The promise of Jesus Christ is that those who love and live for Him are eternally secure in Him. (John 10:28) This isn’t merit based or achievement based. It isn’t something that we lose when we mess up (or give up) because it’s a state of the heart and mind. It’s a state of faith.
Do you love Him?
This question and the affirmative answer comes before God puts His people to task on His behalf. We are Christians by faith first, then we live for Him. Faith is our connection to Him.
This reminds me of the story of Peter’s restoration by Jesus in the book of John. (John 21:15-19) It’s the story of the interaction of Jesus and Peter following his denial of Christ.
Have you ever been betrayed by a friend? I mean the kind of blatant back-stabbery that cannot be explained away as a mistake.
Have you ever been disowned? I am not talking about an acquaintance you just met who all of the sudden ignores you.
This wasn’t what Peter did to Jesus. Peter spent three years following Jesus, living itinerantly with Him, eating meals with Him and being personally taught by Him.
Yet, when pressed by the persecutors Peter said he never knew the man.
Did you know at one time Peter said he would die for Jesus? (Matthew 26:35) Have any of your friends ever said they’d die for you?
Peter committed fully to Jesus and then flopped in the most horrendous friendship failure in history. Then he watched His best friend be executed publicly after He’d failed. I don’t think any of us could stand ourselves after doing something like that to a friend we love.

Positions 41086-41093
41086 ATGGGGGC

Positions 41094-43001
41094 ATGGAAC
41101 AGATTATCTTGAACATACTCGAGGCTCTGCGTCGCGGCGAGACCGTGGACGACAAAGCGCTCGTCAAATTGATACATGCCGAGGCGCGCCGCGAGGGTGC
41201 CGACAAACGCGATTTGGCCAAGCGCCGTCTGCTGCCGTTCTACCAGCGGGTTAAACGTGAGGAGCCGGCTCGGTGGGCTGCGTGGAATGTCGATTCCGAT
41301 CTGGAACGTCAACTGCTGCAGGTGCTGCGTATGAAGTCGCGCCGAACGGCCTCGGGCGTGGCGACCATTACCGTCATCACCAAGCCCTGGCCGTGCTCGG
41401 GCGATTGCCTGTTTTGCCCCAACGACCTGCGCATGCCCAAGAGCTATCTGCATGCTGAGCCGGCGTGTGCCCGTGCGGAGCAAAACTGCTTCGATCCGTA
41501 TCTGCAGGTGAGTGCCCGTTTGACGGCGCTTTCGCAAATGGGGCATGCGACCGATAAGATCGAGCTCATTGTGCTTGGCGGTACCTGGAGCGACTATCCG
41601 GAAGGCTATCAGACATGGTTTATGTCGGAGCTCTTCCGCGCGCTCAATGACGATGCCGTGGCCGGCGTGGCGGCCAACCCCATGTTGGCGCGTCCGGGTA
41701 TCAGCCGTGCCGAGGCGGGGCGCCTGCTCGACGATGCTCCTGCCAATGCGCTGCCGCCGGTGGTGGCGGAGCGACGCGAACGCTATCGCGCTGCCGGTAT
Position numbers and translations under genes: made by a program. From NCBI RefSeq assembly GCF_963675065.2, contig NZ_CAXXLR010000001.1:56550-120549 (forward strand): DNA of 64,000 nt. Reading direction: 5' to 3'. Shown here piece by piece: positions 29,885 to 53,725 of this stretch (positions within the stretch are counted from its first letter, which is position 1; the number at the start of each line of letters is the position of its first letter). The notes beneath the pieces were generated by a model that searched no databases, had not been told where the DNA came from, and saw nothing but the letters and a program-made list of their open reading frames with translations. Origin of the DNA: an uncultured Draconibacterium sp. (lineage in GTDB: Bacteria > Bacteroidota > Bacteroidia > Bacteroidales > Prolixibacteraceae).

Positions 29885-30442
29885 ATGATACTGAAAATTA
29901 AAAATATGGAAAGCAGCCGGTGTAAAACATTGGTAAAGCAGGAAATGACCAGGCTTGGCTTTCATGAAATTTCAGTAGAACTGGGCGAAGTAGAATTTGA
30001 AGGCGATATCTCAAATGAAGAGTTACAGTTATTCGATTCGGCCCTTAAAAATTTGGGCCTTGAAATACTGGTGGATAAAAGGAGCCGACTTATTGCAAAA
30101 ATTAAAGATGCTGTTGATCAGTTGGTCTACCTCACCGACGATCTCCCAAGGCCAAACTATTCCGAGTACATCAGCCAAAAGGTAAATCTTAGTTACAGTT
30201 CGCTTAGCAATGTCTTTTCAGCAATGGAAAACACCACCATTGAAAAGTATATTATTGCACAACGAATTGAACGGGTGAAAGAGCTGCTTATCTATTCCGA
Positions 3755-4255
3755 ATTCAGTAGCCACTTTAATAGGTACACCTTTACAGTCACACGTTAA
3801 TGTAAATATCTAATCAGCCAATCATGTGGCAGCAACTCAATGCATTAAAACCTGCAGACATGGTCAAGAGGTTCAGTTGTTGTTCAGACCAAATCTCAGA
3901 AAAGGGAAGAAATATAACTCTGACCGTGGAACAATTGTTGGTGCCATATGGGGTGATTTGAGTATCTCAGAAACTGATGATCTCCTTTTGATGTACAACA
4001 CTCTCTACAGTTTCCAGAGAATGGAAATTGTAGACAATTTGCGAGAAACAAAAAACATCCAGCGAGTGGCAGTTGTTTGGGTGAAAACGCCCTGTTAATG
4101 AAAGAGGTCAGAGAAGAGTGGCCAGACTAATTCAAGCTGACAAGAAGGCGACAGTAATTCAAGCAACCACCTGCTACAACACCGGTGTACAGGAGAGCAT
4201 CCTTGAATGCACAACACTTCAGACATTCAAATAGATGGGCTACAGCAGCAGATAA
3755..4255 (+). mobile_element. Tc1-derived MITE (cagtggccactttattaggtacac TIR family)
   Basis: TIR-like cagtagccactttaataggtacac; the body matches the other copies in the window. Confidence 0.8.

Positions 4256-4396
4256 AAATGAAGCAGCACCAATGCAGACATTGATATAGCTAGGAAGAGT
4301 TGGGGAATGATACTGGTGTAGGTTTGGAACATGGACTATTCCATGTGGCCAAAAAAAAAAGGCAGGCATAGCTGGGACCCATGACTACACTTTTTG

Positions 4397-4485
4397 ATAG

Yet, Peter did it and it appears he owned it. Matthew and Luke both wrote that Peter realized what he’d done and “wept bitterly”.(Matthew, Luke) The next scene of Peter and Jesus together is where Jesus initiates Peter’s restoration with a three-part series of basically the same question, “Do you love me?”
Not, “Why did you betray me?” or “Why didn’t you help me?” Simply, “Do you love me?” The basis of Jesus’ relationship with Peter wasn’t on performance, so the question of Peter’s failure didn’t come up. Jesus straightforwardly affirmed the relationship, (Do you love me?) and then delegated to Peter the work he needed to do. (Feed my “sheep”.)
I wonder at what point we become secure in our relationships with people. I think this is a thing we do unconsciously. When do we decide that someone is safe, can be trusted and therefore deserves our confidence? Most likely we are all different in this. Our experiences have given us all different insights into the worthiness of people.
Jesus doesn’t work like that.
We don’t have to be 100% safe in order to love and be loved by Jesus. We don’t have to be people with unfailing reliability so our connection with God can exist. We aren’t held by Christ to be His unwavering confidants in order to be called His friend.
We are loved by Him first, then we love on His behalf. (1 John 4:18)
His is a pre-existing love. We can’t buy it or fall out of it. (Jeremiah 31:3)
This love is a defining part of Jesus’ identity. He can be no other way because it is who He is. (1 John 4:16) His love is the foundation of something truly everlasting when we accept Christ as the Lord and live for Him.
This is the thing that eliminates eternal insecurity, although it doesn’t stop there. As our trust grows in Him and as faith becomes more rooted in our soul, it has the power to eliminate all insecurity.